I'm not a Doctor or anything. I was the wife of someone that also had a large AN with similar outcomes. First of all do contact your husband's doctor and share with him or her your observations and concerns.This can often be done by phone. Right now the Doctor only has part of the picture, your input would help to give him/her a clearer picture and could lead to referrals to Doctors that may be able to help. With large tumors it is possible to have multiple residual neurological deficits and symptoms as a result of complications of acoustic neuroma with or without hydrocephalus. These may include complaints of neurocognitive impairments, changes in personality. mood disorder, tumor side extremity paresis. tumor side limb ataxia, tumor side sensory impairment and ataxic gait along with the dysfunction of the cranial nerves ranging from 5th, 7th, 8th, 9th 10th and 12th
Sherry, for me it was like the man i married and knew for 25 years died, this "new person" I still deeply loved, but the person I had married was gone. The physical body remained, but the specialness that made Chet, Chet was gone. It was made worse because i felt like no one understood. I was constantly told 'how lucky I was' and how "it could of been alot worse". I knew both of these statements were true, but i wanted my husband back. Sherry, as much as we both had to be grateful for, there were also losses and those loses must be acknowledge and grieved for. I wasted alot of time trying to get back to where we were before the surgery, that i fail to see the possibilities. It took me awhile to realize that, that life was gone. All of those feelings that you are having, from the joy of his still being here, to the anger, frustration, the hurt from mood/personality disorder, every one of your feelings are Ok. You have a right to feel the way you do.
What I know to be true (and why you need to talk to his doctor) you are his safe person. It is you who he feels the safest with, which also means it is you who sees the person that no one else sees. It is you he'll trust enough to see the full range of emotions, you will see him at his worst. If there is personality/mood disorder it can be extremely confusing (and hurtful) since things can be normal one minute and angry the next. Adds whole new meaning to "turning on a dime" The truth is with so many outcomes it's very possible that a emotional dependency developes adding to the caregivers plate.
All of us have positive and negative traits. With brain injury some of these traits are reved up a few notches. As an example, if a person tended to be alittle on the selfish side, or maybe argumentive prior to surgery, say 3 on a scale of 10, thru the years we just probably said or thought "get over it", but with brain injury the same traits may be now at a 7 out of 10, very noticeable to you, but because he has always been this way, he is unable to see how he is now.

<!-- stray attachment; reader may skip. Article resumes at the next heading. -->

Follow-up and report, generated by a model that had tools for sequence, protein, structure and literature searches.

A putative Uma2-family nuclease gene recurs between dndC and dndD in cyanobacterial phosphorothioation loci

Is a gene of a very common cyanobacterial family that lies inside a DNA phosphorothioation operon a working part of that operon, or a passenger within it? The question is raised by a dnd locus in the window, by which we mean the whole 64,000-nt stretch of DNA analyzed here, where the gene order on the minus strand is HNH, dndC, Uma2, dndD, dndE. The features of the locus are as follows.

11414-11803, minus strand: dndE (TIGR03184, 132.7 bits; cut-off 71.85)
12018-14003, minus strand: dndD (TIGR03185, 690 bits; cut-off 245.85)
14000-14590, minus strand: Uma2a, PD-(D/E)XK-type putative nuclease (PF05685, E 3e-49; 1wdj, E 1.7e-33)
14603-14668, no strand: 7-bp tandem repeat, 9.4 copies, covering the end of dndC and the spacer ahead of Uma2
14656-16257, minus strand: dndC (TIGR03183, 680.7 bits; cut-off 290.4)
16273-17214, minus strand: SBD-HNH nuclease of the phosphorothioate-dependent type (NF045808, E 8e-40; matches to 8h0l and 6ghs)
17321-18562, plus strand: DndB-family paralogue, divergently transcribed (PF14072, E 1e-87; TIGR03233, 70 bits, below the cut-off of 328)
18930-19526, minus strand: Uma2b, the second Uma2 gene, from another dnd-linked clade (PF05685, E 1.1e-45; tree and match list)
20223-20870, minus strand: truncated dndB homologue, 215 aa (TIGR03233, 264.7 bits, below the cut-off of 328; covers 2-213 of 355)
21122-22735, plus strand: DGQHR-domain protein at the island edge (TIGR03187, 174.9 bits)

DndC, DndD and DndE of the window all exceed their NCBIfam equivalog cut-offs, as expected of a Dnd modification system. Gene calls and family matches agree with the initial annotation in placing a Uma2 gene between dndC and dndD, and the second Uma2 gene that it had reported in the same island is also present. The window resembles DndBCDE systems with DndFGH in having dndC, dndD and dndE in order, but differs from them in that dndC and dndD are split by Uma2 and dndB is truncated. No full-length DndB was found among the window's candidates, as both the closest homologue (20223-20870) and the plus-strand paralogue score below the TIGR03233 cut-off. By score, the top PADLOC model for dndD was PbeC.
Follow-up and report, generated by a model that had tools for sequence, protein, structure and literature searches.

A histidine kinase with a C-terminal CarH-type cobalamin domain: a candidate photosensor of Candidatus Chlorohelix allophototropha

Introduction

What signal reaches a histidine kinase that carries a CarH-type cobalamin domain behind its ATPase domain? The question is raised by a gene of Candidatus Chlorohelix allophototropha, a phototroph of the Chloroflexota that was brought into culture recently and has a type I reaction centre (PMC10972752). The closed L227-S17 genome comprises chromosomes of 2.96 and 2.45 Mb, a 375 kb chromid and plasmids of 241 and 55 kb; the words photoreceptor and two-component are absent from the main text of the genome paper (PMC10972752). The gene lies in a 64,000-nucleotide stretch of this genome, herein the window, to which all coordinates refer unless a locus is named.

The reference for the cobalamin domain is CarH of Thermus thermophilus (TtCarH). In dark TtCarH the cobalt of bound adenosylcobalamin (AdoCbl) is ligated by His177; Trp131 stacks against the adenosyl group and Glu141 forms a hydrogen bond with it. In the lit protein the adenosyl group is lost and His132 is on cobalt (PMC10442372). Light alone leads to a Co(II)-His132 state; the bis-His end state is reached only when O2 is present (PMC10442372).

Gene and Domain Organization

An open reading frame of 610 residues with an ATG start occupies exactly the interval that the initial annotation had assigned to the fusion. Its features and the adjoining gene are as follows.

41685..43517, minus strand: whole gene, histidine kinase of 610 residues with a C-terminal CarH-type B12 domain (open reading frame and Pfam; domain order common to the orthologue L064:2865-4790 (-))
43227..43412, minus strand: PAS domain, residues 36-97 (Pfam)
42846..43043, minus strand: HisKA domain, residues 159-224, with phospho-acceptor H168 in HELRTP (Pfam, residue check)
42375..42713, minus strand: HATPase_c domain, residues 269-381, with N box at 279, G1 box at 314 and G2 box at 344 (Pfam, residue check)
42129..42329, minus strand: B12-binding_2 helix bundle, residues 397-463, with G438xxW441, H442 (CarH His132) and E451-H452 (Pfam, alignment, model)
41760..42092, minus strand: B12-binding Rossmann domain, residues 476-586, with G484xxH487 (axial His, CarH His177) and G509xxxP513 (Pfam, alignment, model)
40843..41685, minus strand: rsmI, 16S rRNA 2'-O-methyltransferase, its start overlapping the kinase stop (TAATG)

It is part of the brain injury, no matter what the cause.
Balance does improve, it's something that has to worked at, but does get better. This does not mean that the ataxic gait and or tumor side upper and lower extremity paresis. tumor side limb ataxia will improve. Again I'm not a doctor. But I can share what Sherry is describing is probably
alot like Chet was. If either Chet or Sherry's husband passed you on the street, no one would think brain tumor, most everyone would ask " when did he have the stroke". With the facial paralysis and tumor side limb impairment, this is what the world sees, a person that has had a stroke.
Sherry, i never did have all of the answers, tho i tried hard to get them, I did reach a point that the answers no longer mattered, know that the doctors won't have all of the answers. Start with evaluations. A good neurologist can help sort thru the impairments and help find the cause. They can outline the impairments. Testing such as an EMG (gee it's been awhile, hope those are the right intials) can help you determine where your husbands facial paralysis is at and help you chart a course of possible treatment in the future. a neuropsychological evaluation will help to better quantify neurocognitive impairments. An eye specialist to help keep watch on possible problems resulting from the facial paralsis. No one doctor will have all of the answers, but each doctor that you see will give you part of the answers. Kinda like a puzzle, you may not have all of the pieces, but you'll have enough pieces to be able to see the picture. Once you have the picture then plotting out the way will be easier.
Sherry, having walked in your shoes I have got give you a hug, and to tell you that i am so proud of you. I know that this isn't easy and that there are easy outs that could be taken, but you stayed. Next time Rascal Flatts "Everyday" song comes on , listen to the words. That's you he's singing about.
Geez, I know that this won't make sense and i do apologize, but it'll make sense to Sherry, or at least I hope it does. Sherry, please email thru this site anytime.
Hugs and prayers